Agricultural Economics

Agricultural Economics

Students standing in hallway
Understanding numbers in agriculture is critical to decision-making in areas such as world trade, agribusiness marketing, risk management, policy development, commodity marketing and lending or managing an agricultural enterprise. Learn to apply economic and financial principles to analyze problems in agriculture, business, government and more. The agricultural economics program offers you the opportunity to gain skills in planning, evaluation and management—useful in both private- and public-sector enterprises.
  • College

  • Hours Required

    120 credit hours
  • Minors Available

    Agricultural Economics, Community Economics and Social Dynamics

  • Areas of Focus

    Applied Economics, Farm and Ranch Management, Public Policy, Quantitative Analysis, Pre-Law

The Nebraska Difference


Own Your Experience

Customize your education through five flexible program options, minors and certificates.


Find Opportunities to Grow

Attend annual industry tours, study abroad, conduct undergraduate research or join a student organization.


Co-create Your Path

Take courses designed to help you explore career paths, develop study skills and find resources.


Get Hands-on Experience

Take classes in the Agricultural Economics Commodity Trade Room—a real-world, applied learning environment.

Students listening to demonstration at farm

Program Features

Choose a Key Area

Choose from the five academic options in key career areas of agricultural economics—applied economics, farm and ranch management, public policy, quantitative analysis and pre-law.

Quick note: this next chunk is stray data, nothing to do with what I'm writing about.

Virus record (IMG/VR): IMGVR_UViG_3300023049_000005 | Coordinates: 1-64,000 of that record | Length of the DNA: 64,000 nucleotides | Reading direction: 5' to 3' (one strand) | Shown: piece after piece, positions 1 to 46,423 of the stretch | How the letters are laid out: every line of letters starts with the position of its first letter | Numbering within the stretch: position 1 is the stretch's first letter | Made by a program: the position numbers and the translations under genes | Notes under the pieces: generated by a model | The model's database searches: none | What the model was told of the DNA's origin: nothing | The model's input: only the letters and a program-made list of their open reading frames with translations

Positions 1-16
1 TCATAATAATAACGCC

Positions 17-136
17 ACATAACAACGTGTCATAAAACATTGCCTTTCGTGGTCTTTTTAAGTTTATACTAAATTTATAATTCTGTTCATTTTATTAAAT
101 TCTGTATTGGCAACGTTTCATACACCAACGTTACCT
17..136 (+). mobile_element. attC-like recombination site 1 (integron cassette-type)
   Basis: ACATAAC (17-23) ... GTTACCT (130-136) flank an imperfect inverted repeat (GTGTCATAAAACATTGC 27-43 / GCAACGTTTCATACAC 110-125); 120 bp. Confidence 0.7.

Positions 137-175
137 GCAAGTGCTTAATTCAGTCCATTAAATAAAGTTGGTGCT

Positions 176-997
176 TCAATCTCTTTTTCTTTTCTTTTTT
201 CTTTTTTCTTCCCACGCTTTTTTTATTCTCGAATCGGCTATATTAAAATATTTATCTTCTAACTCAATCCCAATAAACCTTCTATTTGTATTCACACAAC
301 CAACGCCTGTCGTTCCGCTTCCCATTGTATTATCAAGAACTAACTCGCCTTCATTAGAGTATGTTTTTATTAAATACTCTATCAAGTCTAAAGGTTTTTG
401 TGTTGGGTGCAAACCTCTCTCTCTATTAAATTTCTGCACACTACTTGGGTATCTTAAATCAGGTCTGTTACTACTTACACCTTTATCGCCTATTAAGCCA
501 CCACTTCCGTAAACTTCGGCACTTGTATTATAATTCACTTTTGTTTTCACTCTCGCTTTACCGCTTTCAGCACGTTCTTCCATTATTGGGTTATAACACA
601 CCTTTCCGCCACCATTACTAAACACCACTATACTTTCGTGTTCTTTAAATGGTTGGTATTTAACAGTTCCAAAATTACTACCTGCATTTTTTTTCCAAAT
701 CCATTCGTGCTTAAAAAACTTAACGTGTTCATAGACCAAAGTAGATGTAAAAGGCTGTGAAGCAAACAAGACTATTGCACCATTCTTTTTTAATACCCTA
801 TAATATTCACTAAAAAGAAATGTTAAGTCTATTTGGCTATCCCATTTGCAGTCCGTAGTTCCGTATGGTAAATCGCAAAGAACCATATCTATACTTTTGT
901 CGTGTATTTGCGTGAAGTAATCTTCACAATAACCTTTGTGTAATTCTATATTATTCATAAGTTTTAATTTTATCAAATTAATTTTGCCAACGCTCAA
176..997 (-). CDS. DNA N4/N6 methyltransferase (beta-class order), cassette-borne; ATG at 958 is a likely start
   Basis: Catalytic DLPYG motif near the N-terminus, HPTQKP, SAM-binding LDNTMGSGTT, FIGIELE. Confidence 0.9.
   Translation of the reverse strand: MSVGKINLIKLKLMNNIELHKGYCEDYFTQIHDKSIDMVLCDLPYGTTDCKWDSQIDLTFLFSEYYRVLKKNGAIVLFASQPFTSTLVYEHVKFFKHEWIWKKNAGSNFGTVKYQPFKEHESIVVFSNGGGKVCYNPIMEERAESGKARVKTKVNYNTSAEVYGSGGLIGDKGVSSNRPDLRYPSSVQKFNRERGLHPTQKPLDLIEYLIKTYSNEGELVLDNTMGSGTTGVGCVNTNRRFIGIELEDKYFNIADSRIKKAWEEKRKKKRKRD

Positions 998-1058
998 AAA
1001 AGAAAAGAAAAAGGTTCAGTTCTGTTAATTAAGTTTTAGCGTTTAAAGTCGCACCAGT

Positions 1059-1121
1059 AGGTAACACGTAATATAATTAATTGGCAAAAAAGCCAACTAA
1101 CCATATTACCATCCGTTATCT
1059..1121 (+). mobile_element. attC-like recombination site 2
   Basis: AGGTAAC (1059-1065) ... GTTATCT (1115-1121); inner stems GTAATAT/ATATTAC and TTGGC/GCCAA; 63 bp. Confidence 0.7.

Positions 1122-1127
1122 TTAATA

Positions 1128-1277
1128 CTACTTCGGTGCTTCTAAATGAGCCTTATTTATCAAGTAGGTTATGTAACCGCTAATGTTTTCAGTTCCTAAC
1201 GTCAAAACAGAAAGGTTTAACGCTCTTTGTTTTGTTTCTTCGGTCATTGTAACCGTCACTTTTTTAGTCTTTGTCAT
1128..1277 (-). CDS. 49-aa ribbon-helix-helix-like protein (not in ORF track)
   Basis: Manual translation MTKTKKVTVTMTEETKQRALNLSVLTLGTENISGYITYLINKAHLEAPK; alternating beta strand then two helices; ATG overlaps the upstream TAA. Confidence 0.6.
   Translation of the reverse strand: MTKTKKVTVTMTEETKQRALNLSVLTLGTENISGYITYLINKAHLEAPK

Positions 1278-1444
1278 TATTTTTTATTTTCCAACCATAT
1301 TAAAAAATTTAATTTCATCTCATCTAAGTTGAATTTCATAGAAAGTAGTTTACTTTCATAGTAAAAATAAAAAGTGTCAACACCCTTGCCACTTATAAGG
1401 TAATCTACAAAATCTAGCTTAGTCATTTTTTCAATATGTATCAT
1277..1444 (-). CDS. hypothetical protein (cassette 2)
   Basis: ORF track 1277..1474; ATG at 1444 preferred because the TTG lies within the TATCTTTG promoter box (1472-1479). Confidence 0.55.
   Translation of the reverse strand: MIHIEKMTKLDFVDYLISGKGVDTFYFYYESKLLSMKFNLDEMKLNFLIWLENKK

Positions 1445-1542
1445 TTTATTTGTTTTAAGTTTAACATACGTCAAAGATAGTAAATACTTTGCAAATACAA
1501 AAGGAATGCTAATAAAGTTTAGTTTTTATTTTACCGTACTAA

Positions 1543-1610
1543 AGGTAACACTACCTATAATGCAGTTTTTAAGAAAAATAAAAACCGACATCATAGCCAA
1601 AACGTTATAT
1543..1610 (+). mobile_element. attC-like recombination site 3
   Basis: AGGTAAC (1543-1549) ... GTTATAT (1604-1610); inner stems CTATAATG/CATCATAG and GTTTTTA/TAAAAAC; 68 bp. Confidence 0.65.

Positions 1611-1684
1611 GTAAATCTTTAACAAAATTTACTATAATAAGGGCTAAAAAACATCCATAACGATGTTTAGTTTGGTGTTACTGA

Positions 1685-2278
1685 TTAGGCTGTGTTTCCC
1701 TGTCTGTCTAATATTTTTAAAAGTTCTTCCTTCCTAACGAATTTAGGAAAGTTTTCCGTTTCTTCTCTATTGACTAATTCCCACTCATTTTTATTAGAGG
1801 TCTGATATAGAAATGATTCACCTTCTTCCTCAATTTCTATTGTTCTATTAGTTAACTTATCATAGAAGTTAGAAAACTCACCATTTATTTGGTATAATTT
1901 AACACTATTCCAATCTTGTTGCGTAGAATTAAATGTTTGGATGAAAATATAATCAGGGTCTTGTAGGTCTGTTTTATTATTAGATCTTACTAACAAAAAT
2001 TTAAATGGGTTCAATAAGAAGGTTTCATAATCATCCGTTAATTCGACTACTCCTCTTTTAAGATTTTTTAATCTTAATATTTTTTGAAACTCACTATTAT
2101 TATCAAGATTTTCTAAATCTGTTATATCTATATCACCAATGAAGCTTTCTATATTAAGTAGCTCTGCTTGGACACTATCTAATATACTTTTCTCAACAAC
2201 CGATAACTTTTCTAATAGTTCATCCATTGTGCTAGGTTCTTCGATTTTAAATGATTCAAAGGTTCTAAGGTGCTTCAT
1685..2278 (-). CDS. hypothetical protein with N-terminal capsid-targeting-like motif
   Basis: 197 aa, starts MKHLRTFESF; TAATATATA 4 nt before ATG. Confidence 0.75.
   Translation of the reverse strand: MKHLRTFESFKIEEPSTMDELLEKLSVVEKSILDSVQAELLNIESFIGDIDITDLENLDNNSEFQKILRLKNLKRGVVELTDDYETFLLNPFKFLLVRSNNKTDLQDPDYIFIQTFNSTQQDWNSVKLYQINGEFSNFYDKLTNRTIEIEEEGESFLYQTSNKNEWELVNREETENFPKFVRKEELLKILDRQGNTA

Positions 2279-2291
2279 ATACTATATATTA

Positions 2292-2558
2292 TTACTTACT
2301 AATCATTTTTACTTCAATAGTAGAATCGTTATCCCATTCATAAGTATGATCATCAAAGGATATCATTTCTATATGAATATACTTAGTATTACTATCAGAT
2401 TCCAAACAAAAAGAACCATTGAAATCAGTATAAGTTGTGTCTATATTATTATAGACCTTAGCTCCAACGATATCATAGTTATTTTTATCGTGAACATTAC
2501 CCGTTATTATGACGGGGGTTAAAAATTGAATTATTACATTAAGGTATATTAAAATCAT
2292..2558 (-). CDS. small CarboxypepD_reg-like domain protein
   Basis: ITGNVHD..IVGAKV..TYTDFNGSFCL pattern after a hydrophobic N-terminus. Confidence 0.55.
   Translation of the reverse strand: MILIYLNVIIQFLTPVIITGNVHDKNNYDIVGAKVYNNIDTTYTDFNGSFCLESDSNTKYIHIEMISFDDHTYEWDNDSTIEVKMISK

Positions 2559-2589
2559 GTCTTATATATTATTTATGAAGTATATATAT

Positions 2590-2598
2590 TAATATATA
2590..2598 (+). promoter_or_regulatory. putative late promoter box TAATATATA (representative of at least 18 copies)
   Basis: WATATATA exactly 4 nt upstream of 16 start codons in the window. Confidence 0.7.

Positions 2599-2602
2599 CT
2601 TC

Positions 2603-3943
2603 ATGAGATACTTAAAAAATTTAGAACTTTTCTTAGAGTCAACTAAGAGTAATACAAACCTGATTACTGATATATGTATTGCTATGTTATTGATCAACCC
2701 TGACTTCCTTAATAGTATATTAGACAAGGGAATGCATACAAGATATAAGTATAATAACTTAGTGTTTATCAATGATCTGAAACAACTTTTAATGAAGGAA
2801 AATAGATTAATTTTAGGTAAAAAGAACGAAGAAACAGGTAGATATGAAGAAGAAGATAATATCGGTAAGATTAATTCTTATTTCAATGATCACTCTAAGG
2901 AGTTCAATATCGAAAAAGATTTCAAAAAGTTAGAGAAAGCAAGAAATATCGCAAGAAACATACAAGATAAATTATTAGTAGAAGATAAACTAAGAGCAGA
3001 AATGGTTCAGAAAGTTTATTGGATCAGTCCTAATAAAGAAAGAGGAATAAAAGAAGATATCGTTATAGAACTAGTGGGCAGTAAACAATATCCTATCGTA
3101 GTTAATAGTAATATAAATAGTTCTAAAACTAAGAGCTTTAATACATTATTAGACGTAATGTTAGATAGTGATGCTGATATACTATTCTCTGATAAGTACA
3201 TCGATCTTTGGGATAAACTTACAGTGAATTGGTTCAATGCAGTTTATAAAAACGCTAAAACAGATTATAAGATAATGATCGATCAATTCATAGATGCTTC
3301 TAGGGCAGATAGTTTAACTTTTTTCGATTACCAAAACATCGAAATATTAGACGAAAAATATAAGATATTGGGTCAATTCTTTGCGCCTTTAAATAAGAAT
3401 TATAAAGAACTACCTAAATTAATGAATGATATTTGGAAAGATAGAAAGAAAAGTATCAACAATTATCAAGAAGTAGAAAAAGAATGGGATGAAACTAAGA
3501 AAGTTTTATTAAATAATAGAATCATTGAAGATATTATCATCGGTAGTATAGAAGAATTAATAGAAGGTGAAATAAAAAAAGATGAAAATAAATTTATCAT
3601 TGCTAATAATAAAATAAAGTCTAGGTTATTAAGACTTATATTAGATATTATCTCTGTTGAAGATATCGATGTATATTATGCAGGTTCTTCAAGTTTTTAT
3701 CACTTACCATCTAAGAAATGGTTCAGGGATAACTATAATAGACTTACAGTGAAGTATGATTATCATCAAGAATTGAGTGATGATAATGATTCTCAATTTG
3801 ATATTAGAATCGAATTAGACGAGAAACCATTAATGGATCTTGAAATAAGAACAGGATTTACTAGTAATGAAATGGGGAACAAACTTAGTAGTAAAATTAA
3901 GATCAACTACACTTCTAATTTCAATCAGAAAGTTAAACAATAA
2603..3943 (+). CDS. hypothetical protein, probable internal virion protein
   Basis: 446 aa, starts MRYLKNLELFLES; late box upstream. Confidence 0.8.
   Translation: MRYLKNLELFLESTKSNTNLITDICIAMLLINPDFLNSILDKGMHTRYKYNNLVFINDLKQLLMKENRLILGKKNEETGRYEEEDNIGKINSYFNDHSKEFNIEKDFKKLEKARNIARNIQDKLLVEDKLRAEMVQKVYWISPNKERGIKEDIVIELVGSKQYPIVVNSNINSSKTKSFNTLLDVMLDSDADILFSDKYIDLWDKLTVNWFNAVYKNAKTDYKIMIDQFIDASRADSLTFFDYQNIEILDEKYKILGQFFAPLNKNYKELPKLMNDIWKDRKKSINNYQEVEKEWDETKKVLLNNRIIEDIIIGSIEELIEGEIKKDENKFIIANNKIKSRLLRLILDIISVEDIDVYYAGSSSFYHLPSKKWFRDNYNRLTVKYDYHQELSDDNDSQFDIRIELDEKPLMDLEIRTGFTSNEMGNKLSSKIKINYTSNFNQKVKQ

Take Core Courses

You will take 24 hours of core agricultural economics courses. Depending on the option, you will take additional courses in agricultural sciences, economics, finance and/or policy, where you will apply principles to industry issues and analyze trends in agriculture and natural resources industry sectors.   

Customize Your Academic Experience

Flexibility provided by elective course blocks gives you an opportunity to add one to three minors and/or certificates to your agricultural economics major. Minors help you customize your academic programs to your unique interests and career goals. 

Students in classroom looking at screen

Notable Courses

Introduction to the Economics of Agriculture (AECN 141)

Principles of agricultural economics. Production economics, principles of supply and demand, resource economics, world food situation, marketing of agricultural products and agricultural public policy.

Farm Accounting, Analysis and Tax Management (AECN 301)

Business record systems for farming and ranching. Financial statements, income tax and decision making, farm business and enterprise analysis.

Marketing of Agricultural Commodities (AECN 325)

Agricultural commodity markets and institutions as applied to enterprise and firm risk management. Cash, futures markets, basis, hedging, price discovery, analysis and risk management strategies.

Policy Issues in Agriculture and Natural Resources (AECN 345)

History, development, programs and analysis of public policy issues in agriculture and natural resources. Analysis of science, economic and political factors involved in policy development.